John Pears, 33, has set himself the challenge of cycling across the world, from New Zealand to John O'Groats, Scotland.
Originally from Stechford, Birmingham which he says will 'make anyone resilient, tough and humble', he moved to Crawley after graduating from the University of the Creative Arts in Rochester and joined his local cycling club, the Crawley Wheelers.
A few years ago, he flew to New Zealand with nothing but a rucksack and his bike, and after realising that having fewer belongings made him happier he decided to combine cycling and living with less for a year.
John said: "I love a good story. It’s what binds us as humans, shapes our history and influences us in our lives. So alongside the ride, I’ll be talking to all the passionate, interesting and dramatic stories that fuel the world of cycling by sharing a cultural perspective across the world.
"My main reasons for doing this are to challenge to myself to ride across the world, it's obviously a big challenge, and I want to travel to countries like Cambodia, India and Iran - countries that don't have the best reputation in the UK.
"The other challenge is to live off a bike for the whole time - I sold everything, I've only got one pair of underwear!"
John's journey will span across 12,000 miles, and along the way he's running the Pedalling Podcast.
He said: "I'm really interested in sharing stories because I find it doesn't matter where in the world you are, when people ride bikes they have an immediate connection.
"It doesn't matter if they use them to the shops, if they race, or mountain bike."
Along his journey he'll interview people across the industry, from coaches to advocacy groups encouraging people to cycle more, as well as people who build and maintain bikes and importers and exporters.
As well as the physical challenge of cycling across the world, John will have huge cultural and language barriers, especially when he travels through more rural and remote areas.
He said: "From what I've researched I think people respond to people differently on the road. You can go to places where people don't see others during the day, and especially in remote areas of Asia, and other countries, I'll be going through places where the least English is spoken in the world. And I only speak English."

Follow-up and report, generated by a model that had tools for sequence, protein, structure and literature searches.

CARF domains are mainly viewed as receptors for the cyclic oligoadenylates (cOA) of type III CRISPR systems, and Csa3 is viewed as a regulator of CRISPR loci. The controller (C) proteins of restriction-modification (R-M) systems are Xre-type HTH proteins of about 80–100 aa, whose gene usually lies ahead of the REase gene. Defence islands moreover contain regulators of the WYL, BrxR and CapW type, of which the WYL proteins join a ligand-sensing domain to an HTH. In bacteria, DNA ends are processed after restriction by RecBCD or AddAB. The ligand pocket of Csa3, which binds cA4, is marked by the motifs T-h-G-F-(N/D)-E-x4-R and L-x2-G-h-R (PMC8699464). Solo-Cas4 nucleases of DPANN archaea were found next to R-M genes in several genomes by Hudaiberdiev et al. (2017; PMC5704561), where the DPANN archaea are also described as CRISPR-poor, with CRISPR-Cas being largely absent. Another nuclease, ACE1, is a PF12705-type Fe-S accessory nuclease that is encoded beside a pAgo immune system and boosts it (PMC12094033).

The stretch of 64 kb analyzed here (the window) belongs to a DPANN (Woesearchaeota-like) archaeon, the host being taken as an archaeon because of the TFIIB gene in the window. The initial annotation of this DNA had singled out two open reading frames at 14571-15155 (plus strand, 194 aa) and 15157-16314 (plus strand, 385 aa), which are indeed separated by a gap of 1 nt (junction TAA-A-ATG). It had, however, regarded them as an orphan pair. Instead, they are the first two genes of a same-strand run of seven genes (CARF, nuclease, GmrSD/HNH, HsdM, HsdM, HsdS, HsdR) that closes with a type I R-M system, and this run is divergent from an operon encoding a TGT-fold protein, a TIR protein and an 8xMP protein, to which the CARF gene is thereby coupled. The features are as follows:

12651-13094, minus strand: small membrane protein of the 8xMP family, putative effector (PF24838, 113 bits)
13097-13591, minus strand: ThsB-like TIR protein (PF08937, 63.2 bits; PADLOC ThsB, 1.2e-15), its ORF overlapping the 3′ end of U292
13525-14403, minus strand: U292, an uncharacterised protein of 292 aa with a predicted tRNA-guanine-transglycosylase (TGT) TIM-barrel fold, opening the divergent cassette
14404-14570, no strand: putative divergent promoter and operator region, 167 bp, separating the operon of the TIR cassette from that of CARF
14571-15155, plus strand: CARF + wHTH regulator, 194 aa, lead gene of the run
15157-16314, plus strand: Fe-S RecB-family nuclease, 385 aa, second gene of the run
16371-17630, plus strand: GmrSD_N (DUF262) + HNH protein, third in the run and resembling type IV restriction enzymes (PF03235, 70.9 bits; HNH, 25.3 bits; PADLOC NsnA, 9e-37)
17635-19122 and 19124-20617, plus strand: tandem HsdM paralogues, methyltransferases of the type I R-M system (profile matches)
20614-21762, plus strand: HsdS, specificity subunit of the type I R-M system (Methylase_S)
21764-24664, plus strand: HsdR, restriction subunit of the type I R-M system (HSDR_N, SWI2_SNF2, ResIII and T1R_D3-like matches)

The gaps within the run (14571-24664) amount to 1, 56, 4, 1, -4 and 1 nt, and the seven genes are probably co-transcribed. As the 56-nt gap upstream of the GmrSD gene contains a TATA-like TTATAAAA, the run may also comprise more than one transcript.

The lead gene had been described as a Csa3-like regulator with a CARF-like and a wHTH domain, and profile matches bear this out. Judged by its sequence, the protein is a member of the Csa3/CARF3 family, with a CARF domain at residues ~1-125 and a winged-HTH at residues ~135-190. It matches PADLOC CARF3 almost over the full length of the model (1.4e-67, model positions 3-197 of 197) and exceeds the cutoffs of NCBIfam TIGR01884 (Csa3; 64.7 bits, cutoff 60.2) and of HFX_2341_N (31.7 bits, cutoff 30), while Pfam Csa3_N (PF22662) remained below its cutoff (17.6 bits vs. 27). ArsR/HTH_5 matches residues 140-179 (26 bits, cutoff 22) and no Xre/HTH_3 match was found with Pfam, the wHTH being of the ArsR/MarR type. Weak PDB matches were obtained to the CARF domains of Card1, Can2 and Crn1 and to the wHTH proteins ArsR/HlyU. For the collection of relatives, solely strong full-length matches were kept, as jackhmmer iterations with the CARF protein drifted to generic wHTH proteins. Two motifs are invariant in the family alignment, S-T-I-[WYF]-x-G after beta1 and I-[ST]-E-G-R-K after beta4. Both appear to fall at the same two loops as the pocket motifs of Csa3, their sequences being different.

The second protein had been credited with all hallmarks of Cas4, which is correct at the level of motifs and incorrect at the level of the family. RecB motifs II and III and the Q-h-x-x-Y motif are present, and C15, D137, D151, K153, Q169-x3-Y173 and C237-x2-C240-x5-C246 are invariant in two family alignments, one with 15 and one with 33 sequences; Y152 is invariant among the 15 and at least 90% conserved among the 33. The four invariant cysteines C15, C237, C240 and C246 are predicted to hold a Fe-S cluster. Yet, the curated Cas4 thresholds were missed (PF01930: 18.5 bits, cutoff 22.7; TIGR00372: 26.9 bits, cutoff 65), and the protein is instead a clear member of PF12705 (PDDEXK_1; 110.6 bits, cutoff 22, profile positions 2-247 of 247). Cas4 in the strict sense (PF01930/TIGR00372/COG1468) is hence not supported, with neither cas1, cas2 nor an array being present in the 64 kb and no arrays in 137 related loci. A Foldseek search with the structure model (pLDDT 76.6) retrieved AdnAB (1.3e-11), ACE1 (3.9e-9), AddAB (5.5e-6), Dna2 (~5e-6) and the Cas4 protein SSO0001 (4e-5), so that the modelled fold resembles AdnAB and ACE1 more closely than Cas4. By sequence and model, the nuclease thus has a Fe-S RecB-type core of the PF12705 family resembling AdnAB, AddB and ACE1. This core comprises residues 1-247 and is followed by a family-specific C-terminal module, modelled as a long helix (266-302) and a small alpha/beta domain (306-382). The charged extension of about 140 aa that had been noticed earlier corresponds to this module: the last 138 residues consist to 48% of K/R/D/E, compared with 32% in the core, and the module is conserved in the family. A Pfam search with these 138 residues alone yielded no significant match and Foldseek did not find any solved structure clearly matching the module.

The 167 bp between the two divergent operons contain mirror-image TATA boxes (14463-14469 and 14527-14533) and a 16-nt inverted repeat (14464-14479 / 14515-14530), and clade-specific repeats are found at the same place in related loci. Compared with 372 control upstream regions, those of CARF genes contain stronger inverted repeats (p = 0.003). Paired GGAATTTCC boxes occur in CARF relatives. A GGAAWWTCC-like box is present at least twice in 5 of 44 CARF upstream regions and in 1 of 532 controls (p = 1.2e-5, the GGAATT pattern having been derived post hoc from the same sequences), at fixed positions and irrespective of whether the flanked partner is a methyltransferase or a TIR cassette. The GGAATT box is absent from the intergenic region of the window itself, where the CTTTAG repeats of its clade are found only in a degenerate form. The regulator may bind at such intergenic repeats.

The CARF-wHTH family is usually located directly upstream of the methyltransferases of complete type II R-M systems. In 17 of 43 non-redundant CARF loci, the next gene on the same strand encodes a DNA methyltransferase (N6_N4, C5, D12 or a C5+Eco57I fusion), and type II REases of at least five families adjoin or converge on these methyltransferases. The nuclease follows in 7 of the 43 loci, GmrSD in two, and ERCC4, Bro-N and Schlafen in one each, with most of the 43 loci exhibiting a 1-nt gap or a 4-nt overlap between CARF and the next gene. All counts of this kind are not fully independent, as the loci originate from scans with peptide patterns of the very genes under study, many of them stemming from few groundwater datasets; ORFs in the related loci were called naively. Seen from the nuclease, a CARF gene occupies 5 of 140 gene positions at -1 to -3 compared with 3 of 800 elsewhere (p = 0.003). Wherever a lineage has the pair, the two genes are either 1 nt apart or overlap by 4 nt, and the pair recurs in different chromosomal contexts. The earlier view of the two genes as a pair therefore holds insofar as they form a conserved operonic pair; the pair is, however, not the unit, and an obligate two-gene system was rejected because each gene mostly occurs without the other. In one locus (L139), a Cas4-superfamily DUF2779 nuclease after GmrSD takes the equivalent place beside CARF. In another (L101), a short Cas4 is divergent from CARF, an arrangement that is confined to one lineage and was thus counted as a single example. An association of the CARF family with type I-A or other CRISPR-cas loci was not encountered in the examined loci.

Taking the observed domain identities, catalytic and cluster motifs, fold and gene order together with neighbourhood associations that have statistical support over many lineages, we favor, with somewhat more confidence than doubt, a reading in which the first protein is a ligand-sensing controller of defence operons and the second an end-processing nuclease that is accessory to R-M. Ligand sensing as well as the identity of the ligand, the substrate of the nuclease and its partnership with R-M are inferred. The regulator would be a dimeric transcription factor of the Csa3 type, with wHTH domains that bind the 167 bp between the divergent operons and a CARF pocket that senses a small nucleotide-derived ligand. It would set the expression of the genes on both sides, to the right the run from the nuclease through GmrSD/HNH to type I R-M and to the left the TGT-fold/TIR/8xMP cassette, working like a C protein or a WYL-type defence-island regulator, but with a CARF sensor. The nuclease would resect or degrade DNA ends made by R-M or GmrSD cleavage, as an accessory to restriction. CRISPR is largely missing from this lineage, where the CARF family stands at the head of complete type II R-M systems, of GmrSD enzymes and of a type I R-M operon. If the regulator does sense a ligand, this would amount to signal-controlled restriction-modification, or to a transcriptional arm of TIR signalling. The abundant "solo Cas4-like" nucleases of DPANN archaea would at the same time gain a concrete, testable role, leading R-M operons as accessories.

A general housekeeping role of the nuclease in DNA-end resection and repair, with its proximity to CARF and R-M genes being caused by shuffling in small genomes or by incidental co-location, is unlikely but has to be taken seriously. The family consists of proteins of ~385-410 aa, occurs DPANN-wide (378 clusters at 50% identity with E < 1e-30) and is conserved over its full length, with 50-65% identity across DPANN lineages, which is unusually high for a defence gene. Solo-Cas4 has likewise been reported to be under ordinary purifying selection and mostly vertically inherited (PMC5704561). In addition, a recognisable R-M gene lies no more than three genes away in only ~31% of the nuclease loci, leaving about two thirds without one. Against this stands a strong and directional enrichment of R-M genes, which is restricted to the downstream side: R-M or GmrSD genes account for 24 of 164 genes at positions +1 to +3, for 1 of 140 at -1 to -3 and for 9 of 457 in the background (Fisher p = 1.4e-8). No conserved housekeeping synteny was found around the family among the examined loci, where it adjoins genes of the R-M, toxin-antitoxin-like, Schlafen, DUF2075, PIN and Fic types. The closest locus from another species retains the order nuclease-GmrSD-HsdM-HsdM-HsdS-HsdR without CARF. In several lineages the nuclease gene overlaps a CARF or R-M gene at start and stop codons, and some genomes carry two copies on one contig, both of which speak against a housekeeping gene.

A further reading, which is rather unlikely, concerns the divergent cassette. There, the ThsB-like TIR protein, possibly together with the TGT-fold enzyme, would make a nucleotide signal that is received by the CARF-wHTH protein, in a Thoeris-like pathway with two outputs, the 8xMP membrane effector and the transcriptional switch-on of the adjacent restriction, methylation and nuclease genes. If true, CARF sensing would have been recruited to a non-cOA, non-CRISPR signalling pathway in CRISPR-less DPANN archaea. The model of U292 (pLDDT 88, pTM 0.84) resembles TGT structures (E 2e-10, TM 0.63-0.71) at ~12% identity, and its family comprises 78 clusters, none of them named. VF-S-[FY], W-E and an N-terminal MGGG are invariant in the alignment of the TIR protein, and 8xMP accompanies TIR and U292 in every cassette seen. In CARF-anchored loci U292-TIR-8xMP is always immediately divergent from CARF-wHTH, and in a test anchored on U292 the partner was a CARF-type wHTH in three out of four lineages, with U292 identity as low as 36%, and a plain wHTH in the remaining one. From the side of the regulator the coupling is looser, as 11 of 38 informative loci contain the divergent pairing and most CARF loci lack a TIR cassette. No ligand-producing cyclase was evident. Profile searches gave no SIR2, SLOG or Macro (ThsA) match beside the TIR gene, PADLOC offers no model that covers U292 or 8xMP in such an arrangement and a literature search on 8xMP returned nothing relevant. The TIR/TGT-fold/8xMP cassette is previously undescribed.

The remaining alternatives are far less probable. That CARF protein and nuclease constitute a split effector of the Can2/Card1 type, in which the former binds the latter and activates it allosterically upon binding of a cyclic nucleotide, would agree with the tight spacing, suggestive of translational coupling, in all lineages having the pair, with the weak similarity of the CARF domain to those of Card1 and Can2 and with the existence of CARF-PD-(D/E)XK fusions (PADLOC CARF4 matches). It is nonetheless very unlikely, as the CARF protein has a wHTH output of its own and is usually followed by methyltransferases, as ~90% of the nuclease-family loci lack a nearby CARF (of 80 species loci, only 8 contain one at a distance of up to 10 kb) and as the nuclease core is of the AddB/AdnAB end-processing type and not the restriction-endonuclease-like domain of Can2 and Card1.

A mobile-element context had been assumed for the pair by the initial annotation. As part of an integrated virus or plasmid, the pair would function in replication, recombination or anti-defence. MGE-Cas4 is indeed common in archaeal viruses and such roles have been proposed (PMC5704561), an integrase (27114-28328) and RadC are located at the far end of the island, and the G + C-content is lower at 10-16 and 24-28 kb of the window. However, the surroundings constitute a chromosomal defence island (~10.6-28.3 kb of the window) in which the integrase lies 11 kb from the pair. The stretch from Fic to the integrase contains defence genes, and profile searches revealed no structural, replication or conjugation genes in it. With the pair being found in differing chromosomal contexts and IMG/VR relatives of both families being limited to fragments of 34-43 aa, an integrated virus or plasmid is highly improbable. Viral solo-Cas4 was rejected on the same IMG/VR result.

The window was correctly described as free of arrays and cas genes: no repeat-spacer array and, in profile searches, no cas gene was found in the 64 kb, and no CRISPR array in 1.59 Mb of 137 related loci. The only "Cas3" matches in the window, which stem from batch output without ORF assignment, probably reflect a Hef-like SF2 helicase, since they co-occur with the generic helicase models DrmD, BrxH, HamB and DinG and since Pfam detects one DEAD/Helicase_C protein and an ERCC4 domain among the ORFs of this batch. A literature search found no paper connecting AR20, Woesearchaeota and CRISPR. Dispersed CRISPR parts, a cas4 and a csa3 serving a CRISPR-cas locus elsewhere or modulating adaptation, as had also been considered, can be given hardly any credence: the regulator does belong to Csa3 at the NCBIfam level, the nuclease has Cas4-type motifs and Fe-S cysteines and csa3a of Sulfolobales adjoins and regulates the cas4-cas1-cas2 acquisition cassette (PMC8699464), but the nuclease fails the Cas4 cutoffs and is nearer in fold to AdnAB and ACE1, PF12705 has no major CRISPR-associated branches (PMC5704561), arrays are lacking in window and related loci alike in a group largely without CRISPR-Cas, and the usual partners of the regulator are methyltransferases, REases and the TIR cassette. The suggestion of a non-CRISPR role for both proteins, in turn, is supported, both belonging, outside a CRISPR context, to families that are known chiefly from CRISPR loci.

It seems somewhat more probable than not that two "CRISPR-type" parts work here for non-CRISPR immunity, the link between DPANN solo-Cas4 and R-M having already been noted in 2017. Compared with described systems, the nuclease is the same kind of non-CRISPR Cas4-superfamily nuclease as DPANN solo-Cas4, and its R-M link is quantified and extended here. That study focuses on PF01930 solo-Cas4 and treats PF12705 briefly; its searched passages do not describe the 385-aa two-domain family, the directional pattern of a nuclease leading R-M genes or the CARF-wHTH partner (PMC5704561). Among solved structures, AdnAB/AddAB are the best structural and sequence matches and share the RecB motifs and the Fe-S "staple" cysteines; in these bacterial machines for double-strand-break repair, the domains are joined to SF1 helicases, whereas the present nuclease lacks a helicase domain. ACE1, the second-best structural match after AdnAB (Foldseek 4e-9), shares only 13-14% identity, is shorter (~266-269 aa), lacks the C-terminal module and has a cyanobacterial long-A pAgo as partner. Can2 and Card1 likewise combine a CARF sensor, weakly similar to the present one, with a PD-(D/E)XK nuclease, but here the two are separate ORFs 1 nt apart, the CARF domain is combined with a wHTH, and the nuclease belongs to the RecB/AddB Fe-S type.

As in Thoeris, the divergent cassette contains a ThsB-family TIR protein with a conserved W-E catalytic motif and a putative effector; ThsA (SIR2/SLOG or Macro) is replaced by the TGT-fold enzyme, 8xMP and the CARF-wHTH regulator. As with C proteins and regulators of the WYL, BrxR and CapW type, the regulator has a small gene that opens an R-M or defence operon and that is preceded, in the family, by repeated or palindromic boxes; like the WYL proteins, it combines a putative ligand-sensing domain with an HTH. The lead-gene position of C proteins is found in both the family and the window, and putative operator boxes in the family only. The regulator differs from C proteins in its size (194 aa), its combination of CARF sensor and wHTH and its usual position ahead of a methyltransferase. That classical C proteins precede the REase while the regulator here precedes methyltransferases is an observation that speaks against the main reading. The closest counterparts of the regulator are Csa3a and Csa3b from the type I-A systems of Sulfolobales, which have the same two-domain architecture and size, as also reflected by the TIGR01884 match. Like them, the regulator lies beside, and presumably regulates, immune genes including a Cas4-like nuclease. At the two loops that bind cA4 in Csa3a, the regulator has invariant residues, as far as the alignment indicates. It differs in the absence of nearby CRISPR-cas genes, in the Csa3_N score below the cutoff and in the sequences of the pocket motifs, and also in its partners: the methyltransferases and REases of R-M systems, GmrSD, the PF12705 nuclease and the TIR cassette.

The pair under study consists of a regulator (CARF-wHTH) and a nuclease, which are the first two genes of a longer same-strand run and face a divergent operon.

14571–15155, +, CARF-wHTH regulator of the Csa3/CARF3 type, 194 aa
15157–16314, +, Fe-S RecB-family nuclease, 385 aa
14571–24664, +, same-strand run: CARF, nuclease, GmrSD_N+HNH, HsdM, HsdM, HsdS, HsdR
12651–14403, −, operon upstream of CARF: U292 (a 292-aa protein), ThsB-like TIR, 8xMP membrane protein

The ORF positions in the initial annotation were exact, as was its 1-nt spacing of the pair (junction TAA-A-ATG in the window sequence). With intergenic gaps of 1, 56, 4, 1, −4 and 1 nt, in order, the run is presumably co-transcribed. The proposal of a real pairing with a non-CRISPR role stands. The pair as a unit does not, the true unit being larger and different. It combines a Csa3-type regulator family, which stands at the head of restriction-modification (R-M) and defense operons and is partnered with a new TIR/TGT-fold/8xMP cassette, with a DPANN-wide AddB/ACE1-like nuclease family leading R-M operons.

He'll be relying on Google Translate, and has plans to make documents in different languages with the essential things he needs to ask people, like directions to an embassy or bike shop, or where to find food, water, and medical attention.
He said: "Another big challenge will be motivating myself sometimes, getting up when it's cold and pushing on when I want to rest. Australia is surprisingly cold, in the south the temperature can drop to the minuses, and one night my water bottle was frozen solid!
Above all else, his biggest concerns are making sure he can eat, stay hydrated, and avoid getting ill, especially in areas where drinking water isn't as easily available.
However, he remains positive, and is excited to catch up with people in the UK this time next year.
He's also excited to try Asian food, saying 'it's laced with loads of cultural differences in different countries', and to get into Iran, which is a difficult process for British passport holders as they need to go with a tour group and find a sponsor.
About his podcast, he said: "I started the series out in New Zealand by starting the first interview with Barbara Cuthbert, the lead person running Bike Auckland, a city-wise advocacy group for cycling.
"After that, I wanted to speak to a diverse range of people, so I got to sit down with a publisher, coach, wheel builder, mountain bike athlete, filmmaker, cycle tourers, book writers and bike shops."
His end goal for the entire experience is not only to fulfil a dream of cycling across the world, but to meet people, understand himself better and explore the wonderful cultures along the way.
He said: There will be highs and lows throughout and I want to learn and share that experience as I go.
"I hope that I can inspire other people to take on a journey by bike themselves. Whether that is an overnight camp or signing up to an event, perhaps even following my journey. The podcast and audio stories I hope to turn into a deep storytelling journal that everyone can take their own insight and inspiration from by exposing the stories I find with the wider world."